Nurse Charged With Involuntary Manslaughter In Death Of H.R. McMaster, Sr., Father Of Former Security Advisor

The nurse failed to fulfill her duties by conducting neurological checks on McMaster, Sr., which allegedly led to his death.

Nurse Gainey charged for the death of McMaster Sr.
Jacqueline Larma / AP Images

The nurse failed to fulfill her duties by conducting neurological checks on McMaster, Sr., which allegedly led to his death.

A nurse from the Cathedral Village senior living facility is facing up to 20 years in prison for failing to perform her job, which allegedly led to the death of H.R. McMaster, Sr. McMaster’s son was the former national security advisor for the Trump administration. The 30-year-old nurse, Christann Shyvin Gainey, has been charged with “neglect of a care-dependent person, involuntary manslaughter and tampering with records.”

Reports show that McMaster, Sr. fell in his room when he was alone, and staff found him on the floor with a small cut on the side of his head. Gainey should have conducted eight neurological checks, which would have prevented his death, asserted Pennsylvania Attorney General Josh Shapiro. Instead, Gainey had the staff wheel McMaster, Sr. into the lobby, where he was found dead the next day on April 13, according to CNN. It’s believed that the time period between when he fell and the time of his death was a span of eight hours. McMaster, Sr. was 84-years-old when he passed away.

Not only that, Gainey then preceded to make up false paperwork to make it appear as though she had conducted the required neurological checks on McMaster, Sr. However, a review of eight hours of surveillance tapes revealed that Gainey did not conduct a single neurological check. Under normal circumastances, Gainey would be expected to conduct a “close neurological monitoring,” as well as an assessment in 15-minute increments for an hour, followed by an hourly assessment for three more hours.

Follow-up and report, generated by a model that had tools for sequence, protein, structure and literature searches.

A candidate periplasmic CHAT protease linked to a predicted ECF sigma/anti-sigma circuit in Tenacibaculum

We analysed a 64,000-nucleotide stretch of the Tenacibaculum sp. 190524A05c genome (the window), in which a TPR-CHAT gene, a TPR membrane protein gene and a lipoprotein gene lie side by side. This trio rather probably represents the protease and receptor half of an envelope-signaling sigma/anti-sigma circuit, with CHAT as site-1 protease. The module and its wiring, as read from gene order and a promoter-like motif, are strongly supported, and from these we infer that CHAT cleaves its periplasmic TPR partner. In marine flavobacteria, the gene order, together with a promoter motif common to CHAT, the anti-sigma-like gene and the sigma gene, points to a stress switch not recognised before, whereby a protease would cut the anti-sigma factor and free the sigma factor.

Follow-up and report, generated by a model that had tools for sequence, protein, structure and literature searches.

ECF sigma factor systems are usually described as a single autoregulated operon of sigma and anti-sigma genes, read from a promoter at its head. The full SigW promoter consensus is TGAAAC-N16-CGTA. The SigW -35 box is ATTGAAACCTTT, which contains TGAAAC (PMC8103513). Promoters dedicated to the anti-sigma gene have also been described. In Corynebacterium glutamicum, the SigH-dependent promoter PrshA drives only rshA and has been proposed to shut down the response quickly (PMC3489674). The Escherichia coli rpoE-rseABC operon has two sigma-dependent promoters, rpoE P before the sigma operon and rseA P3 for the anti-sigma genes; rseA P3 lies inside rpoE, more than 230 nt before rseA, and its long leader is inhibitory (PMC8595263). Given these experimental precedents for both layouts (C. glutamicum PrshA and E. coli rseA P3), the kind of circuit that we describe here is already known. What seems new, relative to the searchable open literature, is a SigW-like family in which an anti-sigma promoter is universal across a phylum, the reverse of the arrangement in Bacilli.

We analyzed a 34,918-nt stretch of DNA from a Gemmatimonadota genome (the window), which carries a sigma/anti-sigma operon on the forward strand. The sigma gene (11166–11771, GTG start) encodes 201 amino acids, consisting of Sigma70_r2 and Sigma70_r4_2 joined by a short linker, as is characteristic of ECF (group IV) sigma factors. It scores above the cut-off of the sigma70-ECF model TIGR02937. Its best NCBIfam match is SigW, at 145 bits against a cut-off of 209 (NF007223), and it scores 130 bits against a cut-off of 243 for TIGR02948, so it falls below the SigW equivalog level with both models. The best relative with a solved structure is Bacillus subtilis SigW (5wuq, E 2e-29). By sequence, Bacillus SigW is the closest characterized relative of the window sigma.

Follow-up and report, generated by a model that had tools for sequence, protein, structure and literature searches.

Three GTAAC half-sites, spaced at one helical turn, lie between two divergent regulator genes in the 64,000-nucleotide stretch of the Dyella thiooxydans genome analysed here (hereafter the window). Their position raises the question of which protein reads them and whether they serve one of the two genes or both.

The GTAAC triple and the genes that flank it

Police reports revealed that an assistant nurse questioned Gainey on whether she had conducted the neurological checks. Gainey replied in the affirmative, and that, “They were fine,” according to the Washington Post. Later, police asked Gainey how she could have conducted a neurological check on McMaster, Sr. 20 minutes after his death, as indicated on her report. She admitted that, “Well, I falsified that one.”

McMaster, Sr. was only in the care of the facility for a short period of time. He was admitted on April 9 for rehabilitation after suffering a stroke. The cause of his death was announced by the medical examiner as “blunt impact head trauma.”

Gainey’s lawyer, Sharon Piper, said that Gainey is likely to plead not guilty. Meanwhile, Attorney General Shapiro believes differently.

“Gainey could have saved Mr. McMaster’s life had she simply done her job. Instead, she intentionally ignored her job responsibilities, falsified paperwork, and lied to her supervisors to cover up this inexcusable conduct.”

In addition to the police investigation into Gainey, the Pennsylvania Department of Health also conducted an inspection of the retirement center.